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July 29, 2011

Climate information alerts help poor farmers

by Riedner Mumbi and Polly Ghazi

A herder shepherding his animals in Zambia's Eastern Province winds up a solar-powered radio and crouches down to listen to a local FM station. The news broadcast includes a warning that a severe storm is approaching his village. The herder reacts instantly, finding shelter nearby for his animals, which later emerge from the storm unscathed.

Such a scene may be played out increasingly in the future across Africa, where the livelihoods of rural inhabitants are critically dependent on weather and climate. Most are peasant farmers who depend solely on rain for their crop production. A single extreme event such as a major flood or prolonged drought can not only cause loss of life, but also economic setbacks equivalent to years' worth of development.

As climate change intensifies...effective adaptation for rural regions of Africa will depend on timely and accurate advance information.

The Zambian government has been one of the first in Africa to recognize this need. Through its RANET (Radio and Internet for the Communication of Hydro-Meteorological Information) Project, the Zambia Meteorological Department is tapping remote communities across several provinces to collect climate information..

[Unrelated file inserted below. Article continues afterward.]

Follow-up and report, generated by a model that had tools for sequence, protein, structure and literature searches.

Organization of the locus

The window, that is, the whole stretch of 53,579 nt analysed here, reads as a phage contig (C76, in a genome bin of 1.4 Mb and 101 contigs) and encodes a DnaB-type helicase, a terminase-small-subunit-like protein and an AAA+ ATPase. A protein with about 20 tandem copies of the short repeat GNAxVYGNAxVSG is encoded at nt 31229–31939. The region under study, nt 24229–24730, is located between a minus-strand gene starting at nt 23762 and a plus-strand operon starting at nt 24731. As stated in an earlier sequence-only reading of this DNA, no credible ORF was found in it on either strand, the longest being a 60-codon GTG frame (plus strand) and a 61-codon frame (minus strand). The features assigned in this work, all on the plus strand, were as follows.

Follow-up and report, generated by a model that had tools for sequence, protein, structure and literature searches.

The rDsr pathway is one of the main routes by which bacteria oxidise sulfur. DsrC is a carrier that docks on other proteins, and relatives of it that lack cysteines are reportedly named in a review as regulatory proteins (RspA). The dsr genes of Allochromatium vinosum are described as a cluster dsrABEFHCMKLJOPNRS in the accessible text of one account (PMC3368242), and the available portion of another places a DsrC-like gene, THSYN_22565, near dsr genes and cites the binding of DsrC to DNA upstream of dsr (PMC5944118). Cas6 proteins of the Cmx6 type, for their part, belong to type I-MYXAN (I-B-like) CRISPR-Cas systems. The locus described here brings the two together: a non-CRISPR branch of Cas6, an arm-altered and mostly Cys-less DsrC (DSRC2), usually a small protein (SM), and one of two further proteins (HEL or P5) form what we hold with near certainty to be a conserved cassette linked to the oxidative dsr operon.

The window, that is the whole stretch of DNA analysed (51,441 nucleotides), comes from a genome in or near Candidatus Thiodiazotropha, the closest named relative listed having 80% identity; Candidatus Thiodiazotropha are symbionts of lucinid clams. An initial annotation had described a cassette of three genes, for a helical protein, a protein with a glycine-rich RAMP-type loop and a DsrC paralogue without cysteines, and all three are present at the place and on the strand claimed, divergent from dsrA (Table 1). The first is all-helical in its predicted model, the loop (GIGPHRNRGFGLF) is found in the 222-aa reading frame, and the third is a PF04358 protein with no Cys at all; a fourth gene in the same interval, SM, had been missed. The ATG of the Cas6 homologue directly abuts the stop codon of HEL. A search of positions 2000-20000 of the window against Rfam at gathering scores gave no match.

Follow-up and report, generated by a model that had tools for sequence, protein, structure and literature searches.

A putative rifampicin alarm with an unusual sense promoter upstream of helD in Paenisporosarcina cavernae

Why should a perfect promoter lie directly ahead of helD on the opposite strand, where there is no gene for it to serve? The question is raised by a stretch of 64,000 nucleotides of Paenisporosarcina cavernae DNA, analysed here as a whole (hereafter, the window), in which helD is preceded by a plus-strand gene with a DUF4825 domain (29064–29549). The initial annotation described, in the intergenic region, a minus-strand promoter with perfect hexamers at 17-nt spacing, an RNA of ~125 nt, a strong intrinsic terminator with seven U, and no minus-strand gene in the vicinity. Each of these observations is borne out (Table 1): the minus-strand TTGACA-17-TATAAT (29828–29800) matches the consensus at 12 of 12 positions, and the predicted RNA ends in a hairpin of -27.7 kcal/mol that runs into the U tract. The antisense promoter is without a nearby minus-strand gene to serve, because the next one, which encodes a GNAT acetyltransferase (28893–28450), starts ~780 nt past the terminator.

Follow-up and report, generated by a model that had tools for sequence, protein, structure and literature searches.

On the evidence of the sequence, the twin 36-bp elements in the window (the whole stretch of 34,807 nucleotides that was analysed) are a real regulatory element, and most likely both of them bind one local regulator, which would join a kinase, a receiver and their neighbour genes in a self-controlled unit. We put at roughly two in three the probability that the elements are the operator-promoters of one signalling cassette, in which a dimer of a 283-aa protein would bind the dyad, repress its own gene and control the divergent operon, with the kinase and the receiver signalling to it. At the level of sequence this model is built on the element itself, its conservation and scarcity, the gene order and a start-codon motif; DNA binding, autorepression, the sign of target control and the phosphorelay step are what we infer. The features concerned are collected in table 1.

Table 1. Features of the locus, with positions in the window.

The results have been so encouraging that the Zambian Met Office is now considering providing automatic weather stations and rudimentary meteorological training to rural farmer cooperatives across the country.

In order to help remote rural areas receive (as well as collect) timely weather and climate information, the RANET Project sends weather alerts via SMS text and has also been assisting rural areas to establish community FM broadcasting stations. These pick up regional climate information from satellites, translate relevant weather information into local languages and are then used to broadcast timely warnings over extreme weather, such as storms, as well as seasonal climate information.

The project provides communities with solar wind-up radio receivers to access the broadcasts, 3,000 of which have been distributed across rural regions to date.

In Mali, similar weather forecast bulletins, broadcast every 10 days, have helped low income smallholder farmers to increase yields by providing vital information on when and what to plant, depending on the climatic conditions.

 World Resources Report

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